Adding the final touches to the paint this weekend. While it was functional, it seemed a little shabby not having it painted.

Completed and Official!  The Little Free Library on Cornell Street in Roslindale, MA.

Completed and Official! The Little Free Library on Cornell Street in Roslindale, MA.

Dines Family Book Club October Selection: Bad Land

Bad Land:  An American Romance by Jonathan Rahan

Ginger poses with Bad Land in the Dines Dining Room.

Ginger poses with Bad Land in the Dines Dining Room.

My Review from My Goodreads.com Account

This book mirrors the landscape it describes: slow, meandering, and seemingly endless. Although the tragedy of the Montana homesteaders is worthy of a place in American history, the author fails to make the personal connections between the reader and the subject of the book. Raban interviews many different people along the Montana plains, but his writing fails to make the reader feel as if he or she knows the people. It seems more like listening to snippets of a public radio broadcast than making connections with human subjects. The book gives the impression of an overzealous Brit exploring the wildness of the American West in a cheesy PBS documentary, yet, to Americans, it is the story of Laura Ingalls Wilder minus the compellingly simple narrative arcs. Raban meanders through the “Bad Land” of Montana, and every inch seems miserable and gray.

Post-Reading Discussion Questions 

by Jennifer and David Dines

1. Compare the effects of the Homestead Act on the railroad industry to its effects on individual homesteaders.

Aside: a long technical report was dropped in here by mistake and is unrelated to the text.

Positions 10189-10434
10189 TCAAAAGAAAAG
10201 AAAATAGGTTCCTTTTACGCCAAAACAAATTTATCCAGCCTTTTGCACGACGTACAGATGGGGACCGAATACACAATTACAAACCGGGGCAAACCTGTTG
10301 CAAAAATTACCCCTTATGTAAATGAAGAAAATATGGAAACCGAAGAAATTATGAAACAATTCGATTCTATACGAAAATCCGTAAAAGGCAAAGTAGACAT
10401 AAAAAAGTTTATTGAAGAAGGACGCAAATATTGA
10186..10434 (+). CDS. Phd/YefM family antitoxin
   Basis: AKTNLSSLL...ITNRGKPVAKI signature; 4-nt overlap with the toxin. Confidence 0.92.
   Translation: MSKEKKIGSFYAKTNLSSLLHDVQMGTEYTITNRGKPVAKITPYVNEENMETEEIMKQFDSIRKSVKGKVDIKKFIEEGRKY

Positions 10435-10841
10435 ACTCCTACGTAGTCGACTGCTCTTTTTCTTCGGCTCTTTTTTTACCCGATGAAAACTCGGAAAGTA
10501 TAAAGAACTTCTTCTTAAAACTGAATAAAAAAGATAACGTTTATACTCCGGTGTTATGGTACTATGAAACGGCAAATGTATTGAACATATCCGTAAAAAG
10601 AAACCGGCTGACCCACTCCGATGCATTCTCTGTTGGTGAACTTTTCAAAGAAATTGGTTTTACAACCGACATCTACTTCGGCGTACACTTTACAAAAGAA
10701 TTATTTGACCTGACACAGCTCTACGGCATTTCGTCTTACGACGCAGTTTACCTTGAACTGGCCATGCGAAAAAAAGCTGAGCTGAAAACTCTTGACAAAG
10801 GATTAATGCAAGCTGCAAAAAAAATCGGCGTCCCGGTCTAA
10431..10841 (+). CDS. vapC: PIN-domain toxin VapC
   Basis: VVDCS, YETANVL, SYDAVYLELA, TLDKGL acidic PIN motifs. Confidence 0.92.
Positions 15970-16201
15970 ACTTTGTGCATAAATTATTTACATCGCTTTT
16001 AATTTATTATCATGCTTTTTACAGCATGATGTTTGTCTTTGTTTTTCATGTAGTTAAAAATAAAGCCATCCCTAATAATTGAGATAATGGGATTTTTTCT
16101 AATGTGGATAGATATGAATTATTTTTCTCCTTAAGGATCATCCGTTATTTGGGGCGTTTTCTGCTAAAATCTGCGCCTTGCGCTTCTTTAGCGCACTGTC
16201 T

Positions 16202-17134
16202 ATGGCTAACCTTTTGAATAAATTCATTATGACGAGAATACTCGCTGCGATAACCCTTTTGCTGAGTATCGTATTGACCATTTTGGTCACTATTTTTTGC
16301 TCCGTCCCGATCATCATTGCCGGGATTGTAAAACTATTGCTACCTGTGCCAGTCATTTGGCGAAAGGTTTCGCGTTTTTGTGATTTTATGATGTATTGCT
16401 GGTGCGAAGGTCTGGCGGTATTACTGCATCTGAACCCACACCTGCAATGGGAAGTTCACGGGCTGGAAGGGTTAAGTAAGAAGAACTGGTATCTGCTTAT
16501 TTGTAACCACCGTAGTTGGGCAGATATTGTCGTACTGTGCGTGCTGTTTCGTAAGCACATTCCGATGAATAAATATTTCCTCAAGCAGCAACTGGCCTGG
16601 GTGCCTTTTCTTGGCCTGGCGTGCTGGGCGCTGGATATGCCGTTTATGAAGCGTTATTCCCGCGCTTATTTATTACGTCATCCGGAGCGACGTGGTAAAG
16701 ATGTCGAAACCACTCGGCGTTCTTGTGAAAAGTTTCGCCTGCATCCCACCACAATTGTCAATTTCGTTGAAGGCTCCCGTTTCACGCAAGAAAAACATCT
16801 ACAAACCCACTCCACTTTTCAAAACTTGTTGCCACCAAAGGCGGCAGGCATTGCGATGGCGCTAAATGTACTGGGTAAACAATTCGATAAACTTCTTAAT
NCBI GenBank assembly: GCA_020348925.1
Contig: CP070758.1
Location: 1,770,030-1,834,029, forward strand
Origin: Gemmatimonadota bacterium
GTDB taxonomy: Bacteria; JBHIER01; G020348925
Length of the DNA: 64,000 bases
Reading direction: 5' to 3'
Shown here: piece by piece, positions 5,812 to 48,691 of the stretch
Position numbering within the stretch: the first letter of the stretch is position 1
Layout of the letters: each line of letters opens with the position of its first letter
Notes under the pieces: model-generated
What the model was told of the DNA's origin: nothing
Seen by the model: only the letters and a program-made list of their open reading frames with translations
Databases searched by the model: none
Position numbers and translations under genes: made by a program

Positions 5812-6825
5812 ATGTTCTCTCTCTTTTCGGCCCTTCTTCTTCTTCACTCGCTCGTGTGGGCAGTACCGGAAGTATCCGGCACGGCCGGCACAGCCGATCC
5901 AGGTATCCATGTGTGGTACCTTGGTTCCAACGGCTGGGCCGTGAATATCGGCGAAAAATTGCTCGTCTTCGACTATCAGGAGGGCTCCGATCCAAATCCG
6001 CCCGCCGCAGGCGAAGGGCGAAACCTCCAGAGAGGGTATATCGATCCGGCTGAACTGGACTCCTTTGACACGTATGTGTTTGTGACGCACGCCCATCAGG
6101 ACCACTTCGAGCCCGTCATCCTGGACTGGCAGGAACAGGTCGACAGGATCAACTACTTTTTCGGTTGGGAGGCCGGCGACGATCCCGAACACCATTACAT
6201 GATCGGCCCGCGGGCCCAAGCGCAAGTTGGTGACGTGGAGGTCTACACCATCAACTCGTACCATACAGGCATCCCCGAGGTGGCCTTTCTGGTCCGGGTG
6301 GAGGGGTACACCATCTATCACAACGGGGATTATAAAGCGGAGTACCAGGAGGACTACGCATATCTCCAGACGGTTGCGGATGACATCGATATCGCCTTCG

2. How did personal pride and independence influence homesteaders?

3. What is the role of faith in American invention?

4. How does the Wollaston family’s lifestyle contrast with the environment in which they live?

5. How did the homesteaders’ view of themselves differ from the government’s view of the homesteaders?

6. How did advertising serve as a catalyst for the settlement of the railway?

7. What is the role of debt in middle class American adulthood?

8. How are the grasshopper plagues a metaphor for the homesteaders themselves?

9. In what way is self-sufficiency threatening to organized government?

10. Did the homesteaders realize the extent of their effect on Boston and New York-based investors?

Index Card found in the used copy of the book purchased at Brookline Booksmith

Index Card found in the used copy of the book purchased at Brookline Booksmith

Malala Yousafzai News Broadcast

Below you will find three wonderful video clips from Japan’s NHK Television Broadcast about Malala Yousafzai’s speech at the United Nations in July. It was interesting to watch and re-watch these clips in Japanese. Although I do not speak any Japanese, the images alone served to tell Malala’s story and how it has affected children in Pakistan and around the world.

 I am so pleased that my student Quddus Rodrigues and his fabulous “super mama” Filomena are featured in this compelling program. Quddus is a model of how reading and writing can inspire us and empower us to advocate for others. I love that he is a young man that stands for education. As Malala says: “Let us empower ourselves with the weapon of knowledge…Education is the only solution.”
Quddus’ Clip in the Broadcast
Malala Broadcast, Part I
Malala Broadcast, Part II

Being Bostonian: How We Make Boston Strong

Dear Readers:

 I am very pleased to share my students’ latest e-book publication with all of you. It is titled “Being Bostonian: How We Make Boston Strong”, and it is a collection of essays which share how our students, their families, communities, and our school contribute to the City of Boston’s strength. My students have worked diligently to create this publication for Mayor Menino and the Boston Police Department as a humble thank you for all of their courage during all of the recent events.
In a time of great uncertainty, this collection of essays serves as a powerful reminder of why I teach. The students’ writing is expressive and sophisticated, capturing their identities and their dreams for the future. I cannot believe that I am so privileged to work with this group of young people.
Thank you, Jennifer Dines
Being Bostonian (download)